<Do you remember when I bought that watermelon chap stick without realizing that it was a tinted lip balm, so I applied it totally random on my mouth? And that when we crossed Stamford Bridge it was a very windy day, so you looked at my messy hair and my smeared red mouth and told me:
-You look like that fat dude with lipstick you love. That singer from that band of grave diggers.
You have to thank your irresistible smile and the way you helped me to wear the lip balm off if I didn’t kill you.>
Reading Proust taught us that the taste of something can evoke lost or hidden memories; those can be triggered by a music, a smell or an object, like a stupid lip balm found in the bathroom drawer. So, before memories start tearing me apart, better move to another part of Fullham and start illustrating something nice you can visit in London if you love football as I do.
My best friend is a huge supporter of Chelsea, so I promised him to take many pics of the Stamford Bridge stadium. To get there you have to hop off at Fullham Broadway station and go ahead on Fullham Road. After a few minutes walking, on the left, within the Moore Park Estate also known as “The Brigde”, you will see the home ground of Chelsea FC.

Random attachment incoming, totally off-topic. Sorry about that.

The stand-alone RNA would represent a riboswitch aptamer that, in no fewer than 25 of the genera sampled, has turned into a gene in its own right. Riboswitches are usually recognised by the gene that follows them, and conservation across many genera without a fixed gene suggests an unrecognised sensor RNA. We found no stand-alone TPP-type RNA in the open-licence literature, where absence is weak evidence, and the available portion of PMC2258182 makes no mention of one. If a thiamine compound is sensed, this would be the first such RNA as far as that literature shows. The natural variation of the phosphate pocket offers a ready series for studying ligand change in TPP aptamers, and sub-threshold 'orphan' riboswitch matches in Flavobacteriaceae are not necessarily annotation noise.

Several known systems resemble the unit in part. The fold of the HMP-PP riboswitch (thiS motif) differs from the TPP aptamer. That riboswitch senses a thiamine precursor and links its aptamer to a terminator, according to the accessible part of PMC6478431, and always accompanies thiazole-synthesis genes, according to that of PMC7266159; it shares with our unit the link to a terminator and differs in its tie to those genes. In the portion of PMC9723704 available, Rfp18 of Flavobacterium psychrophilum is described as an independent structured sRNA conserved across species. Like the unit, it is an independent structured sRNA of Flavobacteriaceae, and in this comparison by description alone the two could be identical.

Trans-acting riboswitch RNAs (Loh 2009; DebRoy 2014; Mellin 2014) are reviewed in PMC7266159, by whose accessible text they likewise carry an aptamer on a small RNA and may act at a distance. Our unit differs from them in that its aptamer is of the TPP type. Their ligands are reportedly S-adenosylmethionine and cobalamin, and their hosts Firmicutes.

It was opened in 1877 and has been the venue of many football matches and has also hosted a variety of other sporting events including greyhounds races.
The North stand is named after former Chelsea director Matthew Harding, while the West stand is the first thing you see entering by the gate in Fullham Road since it’s the main external face of the stadium.
There’s a Hall of fame and the statue of Peter Osgood sculpted by Philip Jackson and unveiled in 2010 by his widow Lynn in the presence of his friends and colleagues. He was a very important player and scored more than 150 goals. The inscription says:
Ossie King of Stamford Bridge
Stamford Bridge has many heroes but only one king. Graceful technician nerveless striker. Icon of the swinging sixties. Adored by fans, scorer of immortal cup final goals.
A big man for a golden age.
If you want to have an incredible experience you can book the one hour long tour that will take you behind the scenes of the Blues, giving you access to areas normally reserved for players and officials, like the press room, the home and away dressing rooms, the tunnel and the dug-out areas.
The tour include the entry to the Museum (that can be visited also without taking the tour), giving you the chance to see how Chelsea has evolved on and off the pitch over the years and to see memorabilia and get to know the most representative players.
Don’t forget to visit the shop!
TRACK OF THE DAY: Blue is the colour – Chelsea FC Anthem